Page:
"Tot Gardiner!" he exclaimed. "Are you playing a trick on an old man? Bless my heart, girl! what are you doing dressed up like that, and in company of Mr. Flannigan, of the Wollambi, bailing up your old friends?"

A further pause followed, and then Tot said, solemnly: "Dan, we're regular busted, it's old Amos Gordon and Bothered Shawn!"

"You dashed idiot," whispered Dan savagely, "keep quiet, you're giving us away properly. I have a good mind to put a bullet through their heads."

This was too much for Tot; she burst out: "You shoot either of them, Dan Morley, and I'll have your life and see you hanged. Do you think I rode from Broadhaven Valley to rob Bothered Shawn and Amos Gordon. Let them go!"

"Good Heavens, girl! Will you shut up? You'll have the police here in a minute."

For the life of them, neither Amos Gordon nor Bothered Shawn could make head nor tail of the situation; that they were waylaid and threatened with fire-arms was evident. Shawn was in a cold sweat of fear at the threat of being shot. Amos Gordon had now no such anxiety, but he was puzzling how Tot Gardiner, dressed in man's clothes, and in company with a friend of the schoolmaster's, came to be playing at highway robbery.

"I think, Mr. Flannigan," said the old man, "I'll dismount and talk this thing over with you; maybe you took myself and my friend here for bushrangers. If that's so, I assure you we are honest people, and friends too of one who, I believe, is your friend also—Mr. Bennett, the schoolmaster."

At this Amos slowly dismounted; but as he did so, to his further amazement, his two assailants made off into the Bush. He listened a moment to the retreating footsteps, and then cried out at the top of his voice: "Tot Gardiner, come back, child, and let an old man advise you for your good."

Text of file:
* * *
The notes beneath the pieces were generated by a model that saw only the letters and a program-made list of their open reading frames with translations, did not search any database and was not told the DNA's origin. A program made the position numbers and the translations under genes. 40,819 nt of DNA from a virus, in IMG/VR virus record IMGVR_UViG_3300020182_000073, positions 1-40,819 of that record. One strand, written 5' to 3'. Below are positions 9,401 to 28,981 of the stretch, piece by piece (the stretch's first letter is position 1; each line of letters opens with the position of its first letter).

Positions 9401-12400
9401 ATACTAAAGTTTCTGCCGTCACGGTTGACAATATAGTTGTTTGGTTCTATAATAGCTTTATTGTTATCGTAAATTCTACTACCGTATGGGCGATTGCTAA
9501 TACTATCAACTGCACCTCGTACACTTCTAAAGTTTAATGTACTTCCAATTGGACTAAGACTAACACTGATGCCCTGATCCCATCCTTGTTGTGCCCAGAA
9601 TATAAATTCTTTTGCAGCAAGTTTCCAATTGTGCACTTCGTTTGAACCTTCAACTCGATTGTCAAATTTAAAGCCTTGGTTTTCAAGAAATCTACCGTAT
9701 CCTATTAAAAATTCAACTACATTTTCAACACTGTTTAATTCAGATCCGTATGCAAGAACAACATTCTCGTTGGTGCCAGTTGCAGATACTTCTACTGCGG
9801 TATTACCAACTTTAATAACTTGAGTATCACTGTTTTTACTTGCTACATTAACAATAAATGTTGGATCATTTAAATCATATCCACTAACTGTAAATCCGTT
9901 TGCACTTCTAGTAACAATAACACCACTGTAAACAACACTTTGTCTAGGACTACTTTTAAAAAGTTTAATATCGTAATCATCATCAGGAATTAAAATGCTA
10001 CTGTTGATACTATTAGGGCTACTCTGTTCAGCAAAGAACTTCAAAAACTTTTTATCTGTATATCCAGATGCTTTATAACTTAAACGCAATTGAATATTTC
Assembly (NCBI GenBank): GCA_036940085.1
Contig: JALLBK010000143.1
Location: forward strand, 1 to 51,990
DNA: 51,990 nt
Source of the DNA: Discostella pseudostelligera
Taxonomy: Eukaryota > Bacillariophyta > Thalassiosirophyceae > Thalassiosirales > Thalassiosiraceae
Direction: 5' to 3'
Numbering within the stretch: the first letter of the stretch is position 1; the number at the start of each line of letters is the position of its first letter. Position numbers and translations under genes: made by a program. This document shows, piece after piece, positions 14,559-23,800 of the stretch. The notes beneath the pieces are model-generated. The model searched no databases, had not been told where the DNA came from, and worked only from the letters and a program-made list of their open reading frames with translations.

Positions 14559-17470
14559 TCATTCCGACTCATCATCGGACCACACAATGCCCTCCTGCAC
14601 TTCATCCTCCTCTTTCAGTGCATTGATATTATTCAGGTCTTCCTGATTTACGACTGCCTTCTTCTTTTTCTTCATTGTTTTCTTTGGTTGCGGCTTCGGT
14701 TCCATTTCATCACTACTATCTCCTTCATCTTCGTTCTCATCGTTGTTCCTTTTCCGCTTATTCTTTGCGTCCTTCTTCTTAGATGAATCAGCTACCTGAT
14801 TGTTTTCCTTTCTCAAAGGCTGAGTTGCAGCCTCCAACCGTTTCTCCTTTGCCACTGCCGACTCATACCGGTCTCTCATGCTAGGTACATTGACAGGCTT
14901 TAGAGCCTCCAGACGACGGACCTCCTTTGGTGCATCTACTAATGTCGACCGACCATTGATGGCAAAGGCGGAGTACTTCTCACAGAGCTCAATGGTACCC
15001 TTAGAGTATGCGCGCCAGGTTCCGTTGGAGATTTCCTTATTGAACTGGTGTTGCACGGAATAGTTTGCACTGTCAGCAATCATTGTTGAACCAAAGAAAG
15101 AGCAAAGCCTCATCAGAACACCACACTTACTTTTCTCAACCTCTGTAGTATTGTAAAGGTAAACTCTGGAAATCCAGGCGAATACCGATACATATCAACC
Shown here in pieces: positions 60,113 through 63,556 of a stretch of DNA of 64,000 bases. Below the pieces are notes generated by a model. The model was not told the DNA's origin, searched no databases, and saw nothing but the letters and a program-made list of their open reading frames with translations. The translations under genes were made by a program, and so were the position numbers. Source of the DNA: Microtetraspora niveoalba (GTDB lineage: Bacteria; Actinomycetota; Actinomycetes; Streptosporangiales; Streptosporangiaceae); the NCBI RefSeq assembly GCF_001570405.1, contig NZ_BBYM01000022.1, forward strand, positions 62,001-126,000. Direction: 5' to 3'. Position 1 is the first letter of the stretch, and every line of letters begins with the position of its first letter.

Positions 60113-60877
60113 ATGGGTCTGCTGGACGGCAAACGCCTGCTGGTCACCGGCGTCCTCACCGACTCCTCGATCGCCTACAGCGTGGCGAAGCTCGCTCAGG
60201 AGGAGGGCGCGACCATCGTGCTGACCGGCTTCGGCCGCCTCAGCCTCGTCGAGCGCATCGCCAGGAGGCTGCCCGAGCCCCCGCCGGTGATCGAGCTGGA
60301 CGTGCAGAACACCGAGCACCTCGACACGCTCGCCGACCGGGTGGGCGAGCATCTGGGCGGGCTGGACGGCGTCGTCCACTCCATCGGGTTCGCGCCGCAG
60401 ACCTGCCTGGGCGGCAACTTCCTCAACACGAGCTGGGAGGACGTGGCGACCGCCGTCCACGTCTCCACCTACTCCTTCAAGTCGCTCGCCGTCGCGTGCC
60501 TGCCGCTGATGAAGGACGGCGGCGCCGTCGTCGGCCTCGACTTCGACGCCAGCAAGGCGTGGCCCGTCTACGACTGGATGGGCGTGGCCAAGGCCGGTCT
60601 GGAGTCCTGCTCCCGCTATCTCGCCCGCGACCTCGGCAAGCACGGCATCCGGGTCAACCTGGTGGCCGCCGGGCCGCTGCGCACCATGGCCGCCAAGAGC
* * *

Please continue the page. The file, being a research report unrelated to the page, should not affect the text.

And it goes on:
"My goodness!" said Tot as they hurried in the direction of their horses. "We've fallen in properly this time. He's a regular old stick, and hasn't he a tongue! Give him half a chance and he'll force me back home again if it costs him his life. And to think that he should bring Bothered Shawn with him too!" The girl laughed hysterically.

They had just reached the horses, when they heard the old man shouting: "Dan Flannigan, you villain, let the girl go, or I'll set the police on your track. What do you think John Bennett would say about you?"

"Curse him, the old fool," muttered Dan, "I'll put daylight through him yet;" and mounting his horse in a rage, he rode back toward the old preacher. "Hear him," he said to Tot; "he'll rouse the whole country-side."

"Don't lose your head, Dan," said Tot, greatly agitated; "let me go and send them off," but while she was speaking Dan fired in the direction of the voice, and following the shot Amos and Shawn were heard cantering in the direction of Sydney.

Dan and Tot waited under cover for a time, for the rising moon was now sending shafts of light through the lower branches of the trees, and Dan re-loaded his weapon.

"You were a gawk to shoot," said Tot. "You don't know who's about; but it was hard luck to have ta 'stick up' two of one's old friends in that fashion. Whatever will the valley people say when they hear about it? I shall tell them that I knew who it was, and did it for a joke."

"Do you think you'll ever get back again?" said Dan.

"Certainly, Mr. Flannigan, if I want to," retorted Tot; "who's to stop me? But, tell me, do you think it will be safe now for us to ride into Sydney; or had we better make for your estate on the Wollambi?"

"Oh, stow it!" said the bushranger angrily, "we've got to get some money to-night to have a spree with in Sydney, and remember that you're in it as much as I am; you needn't tell me, but you shook* that mare yer riding."